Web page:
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Details & Cataloguing

A Venetian Legacy – An Italian Private Collection

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Italian, Lombardy, circa 1470-1490 and later
FEMALE SAINT
the base inscribed faintly: AMADEO 1522
white marble, on a yellow marble base, the head probably later
figure: 122cm., 48in.
base: 10cm., 4in.
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Catalogue Note

This graceful figure of a female saint exhibits the characteristics of Lombard sculpture from the second half of the 15th century. The drapery in the ‘cartaceous’ style, which is reminiscent of crumpled paper, is distinctive of this period in Northern Italian Renaissance sculpture, and is particularly associated with Antonio Mantegazza (d. 1495) who, along with his brother, Cristoforo (d. circa 1481), collaborated with Amadeo (circa 1447-1522) on the sculptural scheme for the Certosa di Pavia. Observe the mantle which flows from the clasp at the chest down to the hips and envelops the legs in a storm of card-like folds, through which a subtle contrapposto emerges as the left knee projects forward. This drapery scheme, together with the pose, finds a strong parallel in the Apostles from the facade of the Certosa di Pavia (see those illustrated by Fadda, op. cit., figs. 94-95, 97). Note also the similar thin feet, splayed apart, with raised heels. It has long been held that Amadeo adopted the ‘cartaceous’ style following his interactions with the Mantegazza brothers. However, the style was also employed by another of his collaborators, with whom he worked more closely, Giovanni Antonio Piatti (fl. 1473-1479/80). In the present marble, the execution of the chemise underneath the mantle, belted at the chest, with tight striated folds, bunched above the belt, is very close to the Annunciata from the Fondazione Cavallini Sgarbi, published by Sgarbi as by Piatti or Antonio Mantegazza (op. cit., pp. 160-161). The large scale of the present figure, combined with the dynamic pose and active drapery, ensures an extraordinary sense of presence. The head, however, whilst finely carved, is probably a replacement (a fracture is visible at the neck), and compares with that of the Angel of the Annunciation by Alceo Dossena (1878-1936) in the collections of the University of Pittsburg (inv. no. 2016.2.2).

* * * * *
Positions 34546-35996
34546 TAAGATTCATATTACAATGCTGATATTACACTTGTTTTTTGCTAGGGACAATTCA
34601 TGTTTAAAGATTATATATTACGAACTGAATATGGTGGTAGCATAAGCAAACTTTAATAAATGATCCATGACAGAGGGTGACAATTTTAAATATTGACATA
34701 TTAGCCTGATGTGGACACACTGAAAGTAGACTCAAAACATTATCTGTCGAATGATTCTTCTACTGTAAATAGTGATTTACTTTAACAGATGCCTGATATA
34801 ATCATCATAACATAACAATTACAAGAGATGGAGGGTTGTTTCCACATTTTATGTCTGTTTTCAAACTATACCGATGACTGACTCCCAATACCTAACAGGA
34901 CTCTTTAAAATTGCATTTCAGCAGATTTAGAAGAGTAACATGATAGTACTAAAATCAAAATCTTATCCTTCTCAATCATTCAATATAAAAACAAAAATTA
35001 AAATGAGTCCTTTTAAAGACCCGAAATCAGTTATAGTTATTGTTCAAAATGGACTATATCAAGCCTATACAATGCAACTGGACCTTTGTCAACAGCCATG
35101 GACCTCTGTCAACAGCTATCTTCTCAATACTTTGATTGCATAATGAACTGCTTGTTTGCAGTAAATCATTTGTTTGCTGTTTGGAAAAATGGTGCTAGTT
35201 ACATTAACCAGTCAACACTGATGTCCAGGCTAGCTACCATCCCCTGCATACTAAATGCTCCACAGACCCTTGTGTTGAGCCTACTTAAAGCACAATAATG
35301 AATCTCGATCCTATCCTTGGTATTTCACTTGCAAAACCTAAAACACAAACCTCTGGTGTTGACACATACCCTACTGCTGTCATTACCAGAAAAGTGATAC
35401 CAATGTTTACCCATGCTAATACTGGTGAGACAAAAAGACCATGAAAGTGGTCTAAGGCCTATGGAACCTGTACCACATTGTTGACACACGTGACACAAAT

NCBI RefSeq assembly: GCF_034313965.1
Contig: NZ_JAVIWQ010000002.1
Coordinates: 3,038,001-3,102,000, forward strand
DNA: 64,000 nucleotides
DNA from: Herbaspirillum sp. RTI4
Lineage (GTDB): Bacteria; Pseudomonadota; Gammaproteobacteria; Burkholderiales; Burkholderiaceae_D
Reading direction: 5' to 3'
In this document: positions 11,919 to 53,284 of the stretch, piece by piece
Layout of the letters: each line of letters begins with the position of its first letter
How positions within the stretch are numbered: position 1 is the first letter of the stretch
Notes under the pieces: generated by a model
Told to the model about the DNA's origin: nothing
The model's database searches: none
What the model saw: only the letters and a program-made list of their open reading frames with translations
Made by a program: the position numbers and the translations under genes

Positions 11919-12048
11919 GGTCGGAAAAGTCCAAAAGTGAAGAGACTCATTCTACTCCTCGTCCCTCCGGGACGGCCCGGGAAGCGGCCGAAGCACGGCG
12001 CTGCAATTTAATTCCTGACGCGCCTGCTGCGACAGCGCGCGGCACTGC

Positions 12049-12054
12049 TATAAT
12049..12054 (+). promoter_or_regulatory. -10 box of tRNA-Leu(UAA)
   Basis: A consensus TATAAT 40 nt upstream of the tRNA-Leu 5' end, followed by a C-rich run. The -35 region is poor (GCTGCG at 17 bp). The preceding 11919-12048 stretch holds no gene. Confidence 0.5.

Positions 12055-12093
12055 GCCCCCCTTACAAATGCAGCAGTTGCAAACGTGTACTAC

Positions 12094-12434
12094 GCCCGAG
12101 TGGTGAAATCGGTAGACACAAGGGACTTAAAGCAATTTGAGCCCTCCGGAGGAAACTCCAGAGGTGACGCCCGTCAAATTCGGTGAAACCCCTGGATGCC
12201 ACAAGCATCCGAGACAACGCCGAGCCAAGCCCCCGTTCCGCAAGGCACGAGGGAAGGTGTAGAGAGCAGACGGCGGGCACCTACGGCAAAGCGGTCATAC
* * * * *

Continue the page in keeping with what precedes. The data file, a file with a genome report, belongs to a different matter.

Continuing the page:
RELATED LITERATURE
E. Fadda, 'Ancora sui Mantegazza', Nuovi studi: rivista di arte antica e moderna, vol. ii, 1997, pp. 63-77; V. Sgarbi, La scultura al tempo di Andrea Mantegna tra classicismo e naturalismo, Milan, 2006, pp. 160-161

A Venetian Legacy – An Italian Private Collection

|
London